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Such as "tightening up the nut on the steering wheel."

Sorry, I couldn't resist.

Willie
 

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I suspect that to pull good numbers on the motorway, you would need to stay off boost and basically drive with load (or just drive slower).

Most British drivers will just be keeping their foot down, using the turbo to maintain 70+ mph on the motorway.

Sent from AutoGuide.com Free App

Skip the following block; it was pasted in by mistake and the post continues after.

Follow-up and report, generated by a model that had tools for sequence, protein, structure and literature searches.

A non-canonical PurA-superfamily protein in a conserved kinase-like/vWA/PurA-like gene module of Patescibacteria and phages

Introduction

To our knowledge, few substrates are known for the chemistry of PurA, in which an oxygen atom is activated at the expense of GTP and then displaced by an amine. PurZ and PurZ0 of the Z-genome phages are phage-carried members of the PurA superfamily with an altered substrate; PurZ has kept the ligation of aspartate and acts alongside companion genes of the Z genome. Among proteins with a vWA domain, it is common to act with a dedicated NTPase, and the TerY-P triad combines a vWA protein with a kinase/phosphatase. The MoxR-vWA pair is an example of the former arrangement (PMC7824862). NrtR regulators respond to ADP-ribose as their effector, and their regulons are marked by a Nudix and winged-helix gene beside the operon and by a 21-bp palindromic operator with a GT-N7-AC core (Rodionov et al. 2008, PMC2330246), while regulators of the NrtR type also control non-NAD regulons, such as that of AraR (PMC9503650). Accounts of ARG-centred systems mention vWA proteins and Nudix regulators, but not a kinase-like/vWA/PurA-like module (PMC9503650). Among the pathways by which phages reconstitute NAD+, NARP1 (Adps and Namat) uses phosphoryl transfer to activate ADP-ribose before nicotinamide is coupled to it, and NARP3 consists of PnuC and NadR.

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Exactly, Willie. Smaller engines with turbos make their economy at light load where they are out of the boost and the ECU maxes out the spark timing. During acceleration they are making virtually the same mileage as a bigger engine gulping the same amount of air and fuel. The problem is at throttle tip in. Even DI turbos have lag compared to an NA or supercharged engine, so many drivers gas it harder to offset. In order to get better mileage, one has to maximize the advantage and minimize the disadvantage. Most drivers don't pay any attention to either. In theory, they could hopefully see a weight advantage from the smaller engine, but large displacement engines like the latest small block Chevys can be both small and lightweight relative to their output. I guarantee you it weighs less and takes up less space than anything else in its power range. Unless you tighten the nut behind the wheel as Willie says, the only tech gains to be had are in the fuel injection system and/or hybrids.